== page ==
“Yeah, about ten minutes ago. This Warriors of Distinction thing is going to be awesome, I think,” Josh replied. “Kofi told me they had just called him, too.” Josh was silent for a moment. “Uh, they say anything to you about something at midnight?”

  “Uh, yeah, I guess. What’s up with that?”

  “I guess we’ll find out soon enough.”

  “I’ll have to sneak out. No way is Geneva gonna let me out that late.”

  “Me too, but I really don’t care. As long as I get in—that’s all that matters,” Josh said seriously.

  “Why?” Jericho asked.

  “Forget it, man,” Josh answered, brushing off Jericho’s question. “November is so excited. She’s already talking about what she’s gonna wear to the Warriors of Distinction dance. You better get yourself together and stop acting like a third-grader every time you see Arielle.”

  With a resolve and confidence he did not feel, Jericho boasted, “Arielle is just another honey. I’m gettin’ ready to call her right now.”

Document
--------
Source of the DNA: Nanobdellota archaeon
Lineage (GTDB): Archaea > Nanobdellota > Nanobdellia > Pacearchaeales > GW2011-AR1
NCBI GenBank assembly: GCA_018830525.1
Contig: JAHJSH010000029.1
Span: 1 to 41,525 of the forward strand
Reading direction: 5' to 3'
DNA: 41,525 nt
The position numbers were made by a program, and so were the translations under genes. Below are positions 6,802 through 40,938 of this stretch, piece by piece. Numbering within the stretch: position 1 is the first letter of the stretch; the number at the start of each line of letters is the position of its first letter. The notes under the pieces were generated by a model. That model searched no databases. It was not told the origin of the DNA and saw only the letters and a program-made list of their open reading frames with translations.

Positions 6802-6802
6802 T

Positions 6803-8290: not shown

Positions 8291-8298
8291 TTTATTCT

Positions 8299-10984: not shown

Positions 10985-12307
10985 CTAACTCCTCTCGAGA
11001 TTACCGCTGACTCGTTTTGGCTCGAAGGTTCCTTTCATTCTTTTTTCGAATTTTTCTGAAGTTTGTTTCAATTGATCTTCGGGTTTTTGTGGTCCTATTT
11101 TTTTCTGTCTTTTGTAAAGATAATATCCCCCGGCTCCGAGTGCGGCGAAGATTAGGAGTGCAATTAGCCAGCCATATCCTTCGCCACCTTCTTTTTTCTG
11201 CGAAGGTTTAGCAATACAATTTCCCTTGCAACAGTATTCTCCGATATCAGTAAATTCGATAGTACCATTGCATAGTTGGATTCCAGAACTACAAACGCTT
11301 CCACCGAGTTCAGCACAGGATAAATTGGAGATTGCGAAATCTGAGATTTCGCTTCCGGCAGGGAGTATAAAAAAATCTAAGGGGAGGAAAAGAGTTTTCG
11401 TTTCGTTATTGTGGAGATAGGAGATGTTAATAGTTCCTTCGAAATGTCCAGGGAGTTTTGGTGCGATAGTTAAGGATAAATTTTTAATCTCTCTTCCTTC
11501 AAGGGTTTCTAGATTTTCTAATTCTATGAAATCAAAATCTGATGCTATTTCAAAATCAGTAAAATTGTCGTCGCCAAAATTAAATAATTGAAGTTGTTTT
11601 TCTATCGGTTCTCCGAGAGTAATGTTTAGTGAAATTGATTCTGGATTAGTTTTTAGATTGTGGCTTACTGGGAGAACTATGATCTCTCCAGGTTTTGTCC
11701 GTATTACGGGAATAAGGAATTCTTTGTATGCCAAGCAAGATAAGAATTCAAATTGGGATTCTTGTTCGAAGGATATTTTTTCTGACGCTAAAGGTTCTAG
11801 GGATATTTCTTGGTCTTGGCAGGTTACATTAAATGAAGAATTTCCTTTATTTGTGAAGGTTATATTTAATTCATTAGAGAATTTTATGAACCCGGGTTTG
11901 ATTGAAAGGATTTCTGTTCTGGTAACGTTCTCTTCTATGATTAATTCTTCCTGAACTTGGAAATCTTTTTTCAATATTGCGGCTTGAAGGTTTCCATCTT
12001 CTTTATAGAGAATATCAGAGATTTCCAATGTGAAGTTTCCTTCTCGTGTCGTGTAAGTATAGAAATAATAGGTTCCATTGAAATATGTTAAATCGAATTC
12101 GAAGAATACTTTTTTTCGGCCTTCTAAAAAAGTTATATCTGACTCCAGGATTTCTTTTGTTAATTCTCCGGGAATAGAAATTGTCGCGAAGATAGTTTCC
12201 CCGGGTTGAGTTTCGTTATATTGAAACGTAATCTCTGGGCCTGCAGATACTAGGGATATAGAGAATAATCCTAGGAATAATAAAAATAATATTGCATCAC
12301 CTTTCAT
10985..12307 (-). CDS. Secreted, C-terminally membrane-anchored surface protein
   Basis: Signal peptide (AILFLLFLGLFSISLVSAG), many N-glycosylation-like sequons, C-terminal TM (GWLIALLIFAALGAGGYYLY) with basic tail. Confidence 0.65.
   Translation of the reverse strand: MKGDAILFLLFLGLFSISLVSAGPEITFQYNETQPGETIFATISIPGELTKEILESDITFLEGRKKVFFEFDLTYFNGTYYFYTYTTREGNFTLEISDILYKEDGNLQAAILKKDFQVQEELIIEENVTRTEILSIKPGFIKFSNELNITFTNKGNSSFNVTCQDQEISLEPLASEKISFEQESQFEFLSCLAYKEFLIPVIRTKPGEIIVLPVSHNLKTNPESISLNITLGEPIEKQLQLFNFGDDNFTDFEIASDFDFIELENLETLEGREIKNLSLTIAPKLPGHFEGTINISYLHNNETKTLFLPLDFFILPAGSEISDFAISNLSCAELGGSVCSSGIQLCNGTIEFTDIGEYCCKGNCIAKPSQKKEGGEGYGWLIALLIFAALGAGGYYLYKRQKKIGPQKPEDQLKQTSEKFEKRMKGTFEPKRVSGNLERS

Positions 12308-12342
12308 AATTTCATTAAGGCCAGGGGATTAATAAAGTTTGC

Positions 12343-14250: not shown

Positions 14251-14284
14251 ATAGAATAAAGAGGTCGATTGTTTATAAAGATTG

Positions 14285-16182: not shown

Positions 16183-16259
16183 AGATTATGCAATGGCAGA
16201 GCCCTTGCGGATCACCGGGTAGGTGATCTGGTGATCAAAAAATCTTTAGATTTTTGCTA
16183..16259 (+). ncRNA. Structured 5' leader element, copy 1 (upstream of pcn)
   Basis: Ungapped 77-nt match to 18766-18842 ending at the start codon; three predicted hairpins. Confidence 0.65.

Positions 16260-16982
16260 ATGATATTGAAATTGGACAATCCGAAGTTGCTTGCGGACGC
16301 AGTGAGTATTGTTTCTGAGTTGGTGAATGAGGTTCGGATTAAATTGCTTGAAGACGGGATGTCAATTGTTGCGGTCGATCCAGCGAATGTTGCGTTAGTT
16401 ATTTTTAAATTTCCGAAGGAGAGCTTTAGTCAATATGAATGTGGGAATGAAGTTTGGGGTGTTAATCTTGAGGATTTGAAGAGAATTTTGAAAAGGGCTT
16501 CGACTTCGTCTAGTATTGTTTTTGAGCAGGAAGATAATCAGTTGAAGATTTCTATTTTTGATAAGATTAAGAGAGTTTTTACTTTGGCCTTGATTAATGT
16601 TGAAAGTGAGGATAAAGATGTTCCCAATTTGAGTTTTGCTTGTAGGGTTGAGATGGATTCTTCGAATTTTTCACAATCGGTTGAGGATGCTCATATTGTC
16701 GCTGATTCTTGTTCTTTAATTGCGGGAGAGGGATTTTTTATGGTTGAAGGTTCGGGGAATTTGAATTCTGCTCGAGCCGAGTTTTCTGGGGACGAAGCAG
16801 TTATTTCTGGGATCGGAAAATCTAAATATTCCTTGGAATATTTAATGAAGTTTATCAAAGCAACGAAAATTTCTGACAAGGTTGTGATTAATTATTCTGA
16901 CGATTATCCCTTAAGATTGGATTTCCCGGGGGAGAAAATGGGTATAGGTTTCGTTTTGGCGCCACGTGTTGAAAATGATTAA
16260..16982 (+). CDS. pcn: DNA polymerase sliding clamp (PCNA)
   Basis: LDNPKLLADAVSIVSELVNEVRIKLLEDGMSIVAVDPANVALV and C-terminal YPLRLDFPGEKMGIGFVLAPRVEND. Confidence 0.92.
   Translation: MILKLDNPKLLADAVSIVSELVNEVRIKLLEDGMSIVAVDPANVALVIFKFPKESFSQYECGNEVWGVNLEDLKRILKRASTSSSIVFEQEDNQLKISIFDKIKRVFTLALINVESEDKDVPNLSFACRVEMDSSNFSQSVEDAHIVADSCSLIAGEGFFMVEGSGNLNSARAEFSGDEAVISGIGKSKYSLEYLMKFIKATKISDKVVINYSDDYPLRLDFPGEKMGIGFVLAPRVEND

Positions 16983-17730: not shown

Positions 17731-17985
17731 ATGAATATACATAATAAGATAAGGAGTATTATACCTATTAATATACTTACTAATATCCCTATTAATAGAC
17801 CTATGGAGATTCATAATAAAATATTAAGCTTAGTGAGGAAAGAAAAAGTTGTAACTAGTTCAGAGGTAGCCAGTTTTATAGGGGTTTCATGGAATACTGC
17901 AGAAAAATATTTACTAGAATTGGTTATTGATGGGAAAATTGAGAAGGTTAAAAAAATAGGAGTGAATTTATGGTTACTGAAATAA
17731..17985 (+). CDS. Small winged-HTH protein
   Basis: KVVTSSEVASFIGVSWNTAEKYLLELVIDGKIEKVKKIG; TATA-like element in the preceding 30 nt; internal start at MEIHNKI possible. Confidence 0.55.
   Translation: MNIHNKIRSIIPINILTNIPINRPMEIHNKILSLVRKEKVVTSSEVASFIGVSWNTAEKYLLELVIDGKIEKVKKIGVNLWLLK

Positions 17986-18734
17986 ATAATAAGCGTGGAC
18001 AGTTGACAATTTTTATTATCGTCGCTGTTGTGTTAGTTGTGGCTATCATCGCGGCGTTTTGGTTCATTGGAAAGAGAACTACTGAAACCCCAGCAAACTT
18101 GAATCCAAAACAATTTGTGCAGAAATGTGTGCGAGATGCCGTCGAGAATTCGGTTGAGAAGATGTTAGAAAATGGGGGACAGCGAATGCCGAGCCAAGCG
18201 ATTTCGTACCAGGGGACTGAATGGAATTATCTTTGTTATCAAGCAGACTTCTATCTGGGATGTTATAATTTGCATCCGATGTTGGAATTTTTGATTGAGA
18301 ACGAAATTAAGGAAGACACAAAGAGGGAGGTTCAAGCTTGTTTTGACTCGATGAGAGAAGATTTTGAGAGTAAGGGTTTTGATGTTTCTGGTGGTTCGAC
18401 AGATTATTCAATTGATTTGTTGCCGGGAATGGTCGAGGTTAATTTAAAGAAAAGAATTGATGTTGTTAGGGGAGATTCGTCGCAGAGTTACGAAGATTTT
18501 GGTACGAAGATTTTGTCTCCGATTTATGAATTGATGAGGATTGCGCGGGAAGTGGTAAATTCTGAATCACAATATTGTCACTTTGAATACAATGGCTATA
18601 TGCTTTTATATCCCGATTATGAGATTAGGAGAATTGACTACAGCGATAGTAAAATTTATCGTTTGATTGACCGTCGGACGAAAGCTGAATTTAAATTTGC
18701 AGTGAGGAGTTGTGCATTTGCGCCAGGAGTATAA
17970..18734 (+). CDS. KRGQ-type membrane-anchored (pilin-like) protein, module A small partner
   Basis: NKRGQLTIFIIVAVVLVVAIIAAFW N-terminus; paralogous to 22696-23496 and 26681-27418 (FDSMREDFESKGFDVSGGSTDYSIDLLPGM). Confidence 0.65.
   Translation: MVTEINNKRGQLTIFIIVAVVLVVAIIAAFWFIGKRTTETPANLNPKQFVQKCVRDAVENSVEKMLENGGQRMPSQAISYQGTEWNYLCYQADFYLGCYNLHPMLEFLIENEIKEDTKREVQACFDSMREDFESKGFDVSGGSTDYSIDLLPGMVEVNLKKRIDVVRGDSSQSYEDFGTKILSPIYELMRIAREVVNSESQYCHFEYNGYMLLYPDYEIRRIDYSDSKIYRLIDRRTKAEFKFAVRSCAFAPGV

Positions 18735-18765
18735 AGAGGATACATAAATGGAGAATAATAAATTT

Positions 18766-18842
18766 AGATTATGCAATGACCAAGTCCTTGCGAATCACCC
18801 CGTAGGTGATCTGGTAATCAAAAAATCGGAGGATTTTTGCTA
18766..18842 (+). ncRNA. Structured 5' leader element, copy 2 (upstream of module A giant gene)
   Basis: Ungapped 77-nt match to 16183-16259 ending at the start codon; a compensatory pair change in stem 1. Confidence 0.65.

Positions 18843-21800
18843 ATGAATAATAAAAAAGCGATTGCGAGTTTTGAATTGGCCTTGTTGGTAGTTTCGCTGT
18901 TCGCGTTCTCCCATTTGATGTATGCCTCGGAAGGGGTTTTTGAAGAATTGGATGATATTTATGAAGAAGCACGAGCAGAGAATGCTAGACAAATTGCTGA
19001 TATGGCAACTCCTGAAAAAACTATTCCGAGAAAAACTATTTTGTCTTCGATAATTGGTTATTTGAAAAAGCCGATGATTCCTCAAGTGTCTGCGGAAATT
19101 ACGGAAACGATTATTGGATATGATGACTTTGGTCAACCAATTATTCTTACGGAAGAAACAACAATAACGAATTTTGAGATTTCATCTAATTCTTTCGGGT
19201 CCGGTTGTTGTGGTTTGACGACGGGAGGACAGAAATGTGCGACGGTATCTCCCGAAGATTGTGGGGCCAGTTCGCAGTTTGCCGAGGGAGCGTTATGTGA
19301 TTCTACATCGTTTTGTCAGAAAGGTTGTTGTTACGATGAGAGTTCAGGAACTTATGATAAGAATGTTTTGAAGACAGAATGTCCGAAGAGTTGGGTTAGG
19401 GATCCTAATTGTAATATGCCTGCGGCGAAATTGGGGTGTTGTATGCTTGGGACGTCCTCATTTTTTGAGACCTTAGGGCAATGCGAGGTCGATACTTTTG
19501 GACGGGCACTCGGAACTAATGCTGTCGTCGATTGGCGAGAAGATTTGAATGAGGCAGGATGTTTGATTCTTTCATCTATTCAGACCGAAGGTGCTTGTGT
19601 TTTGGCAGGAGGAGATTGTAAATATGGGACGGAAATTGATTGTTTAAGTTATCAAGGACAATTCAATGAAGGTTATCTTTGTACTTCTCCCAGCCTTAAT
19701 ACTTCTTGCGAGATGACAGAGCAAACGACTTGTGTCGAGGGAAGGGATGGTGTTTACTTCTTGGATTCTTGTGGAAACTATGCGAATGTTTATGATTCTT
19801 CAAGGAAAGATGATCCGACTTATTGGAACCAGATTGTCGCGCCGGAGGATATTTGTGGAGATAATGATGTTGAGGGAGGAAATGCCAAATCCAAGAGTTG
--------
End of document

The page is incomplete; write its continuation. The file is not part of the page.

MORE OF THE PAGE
“Go for it, my man. I’ll catch you later.”

  Josh hung up and Jericho stared at the phone for a full ten minutes before he pushed the first button to dial Arielle’s number. He hung up twice, then, before he could change his mind, he quickly dialed Arielle’s number. A child’s voice answered.

  “Hello, may I speak to Arielle?” Jericho said, his heart pounding.

  “Arielle! There’s some boy on the phone for you!” the kid shouted on the other end.

  “Hello?”

  “Hey, Arielle. This is Jericho—uh—from school. You sure got a loud little brother!”

  Arielle laughed. “That’s my little sister, Kiki. They ought to hire her to announce for the Cincinnati Reds!”

  “How old is she?”

  “Seven, going on seventeen. She thinks she is so grown! Yesterday she asked me to take her shopping for a bra!”

  Jericho chuckled. “I got two little stepbrothers underfoot here. They’d both be driving if they could. They can’t wait until I get a car so I can drive them to all their games and practices and stuff.”

  “You getting a car?”